Cancer is a disease of excessive cell division, with cancer cells proliferating uncontrollably, leading to the disruption of normal tissue function and ultimately death. The focus of my research is to understand the molecular mechanisms that regulate and ensure correct DNA replication, repair and cell division utilising cutting edge techniques including phosphoproteomics, mathematical modelling, qualitative multi-dimension live cell imaging and fate mapping, combined with clinical samples and bioinformatics analysis of big data.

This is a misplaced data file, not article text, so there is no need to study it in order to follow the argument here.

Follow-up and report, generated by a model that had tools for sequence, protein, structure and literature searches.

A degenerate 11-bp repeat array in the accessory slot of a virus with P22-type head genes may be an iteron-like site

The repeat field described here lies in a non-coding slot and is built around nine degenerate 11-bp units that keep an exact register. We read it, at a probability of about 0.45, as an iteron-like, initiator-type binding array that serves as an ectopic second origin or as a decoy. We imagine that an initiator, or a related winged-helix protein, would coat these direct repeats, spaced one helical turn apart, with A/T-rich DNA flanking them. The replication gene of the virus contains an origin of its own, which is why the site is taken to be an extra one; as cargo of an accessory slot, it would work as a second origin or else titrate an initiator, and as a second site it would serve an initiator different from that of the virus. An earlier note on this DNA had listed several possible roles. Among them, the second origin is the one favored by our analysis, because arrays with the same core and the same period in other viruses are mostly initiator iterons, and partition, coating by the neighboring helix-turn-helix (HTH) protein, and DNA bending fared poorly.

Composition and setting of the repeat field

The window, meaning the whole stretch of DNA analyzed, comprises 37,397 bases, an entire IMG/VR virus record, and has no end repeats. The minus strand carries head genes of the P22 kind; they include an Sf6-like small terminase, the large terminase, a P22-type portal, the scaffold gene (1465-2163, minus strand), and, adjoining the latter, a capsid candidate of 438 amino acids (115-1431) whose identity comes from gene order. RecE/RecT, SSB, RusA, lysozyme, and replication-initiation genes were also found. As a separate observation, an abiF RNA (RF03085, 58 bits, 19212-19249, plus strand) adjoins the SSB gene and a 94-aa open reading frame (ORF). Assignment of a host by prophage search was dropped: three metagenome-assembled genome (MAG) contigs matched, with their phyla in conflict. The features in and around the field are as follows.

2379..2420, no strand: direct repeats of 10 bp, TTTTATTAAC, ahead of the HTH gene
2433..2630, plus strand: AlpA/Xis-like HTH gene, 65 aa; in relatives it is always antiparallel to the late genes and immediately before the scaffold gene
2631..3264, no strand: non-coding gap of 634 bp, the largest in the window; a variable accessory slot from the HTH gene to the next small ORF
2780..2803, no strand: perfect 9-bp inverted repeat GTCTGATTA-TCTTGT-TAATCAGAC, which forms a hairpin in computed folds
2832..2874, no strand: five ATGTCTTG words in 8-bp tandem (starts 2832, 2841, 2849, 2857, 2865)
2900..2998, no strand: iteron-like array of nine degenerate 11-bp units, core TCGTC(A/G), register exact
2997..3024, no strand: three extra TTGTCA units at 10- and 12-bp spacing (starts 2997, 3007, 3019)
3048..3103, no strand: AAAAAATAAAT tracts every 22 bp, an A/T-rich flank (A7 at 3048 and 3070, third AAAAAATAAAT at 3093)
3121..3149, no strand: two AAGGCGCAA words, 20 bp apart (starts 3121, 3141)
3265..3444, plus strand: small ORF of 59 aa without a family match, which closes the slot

Through this, my goal is to understand how cancer cells obtain and maintain unstable genomes. This mechanistic information is essential for determining how chromosomal instability contributes to the initiation and evolution of cancer cells. Furthermore, this information will help uncover the mechanisms of innate and acquired resistance, thereby facilitating the personalised use of current therapeutics, and identification of novel treatments, thereby improving clinical practice and patient care.
In the News
2015 St Vincent's Precinct 3 Minute Thesis Competition Held - Jun 19, 2015
Garvan Institute participates in National Science Week Space Oddity event - Aug 25, 2014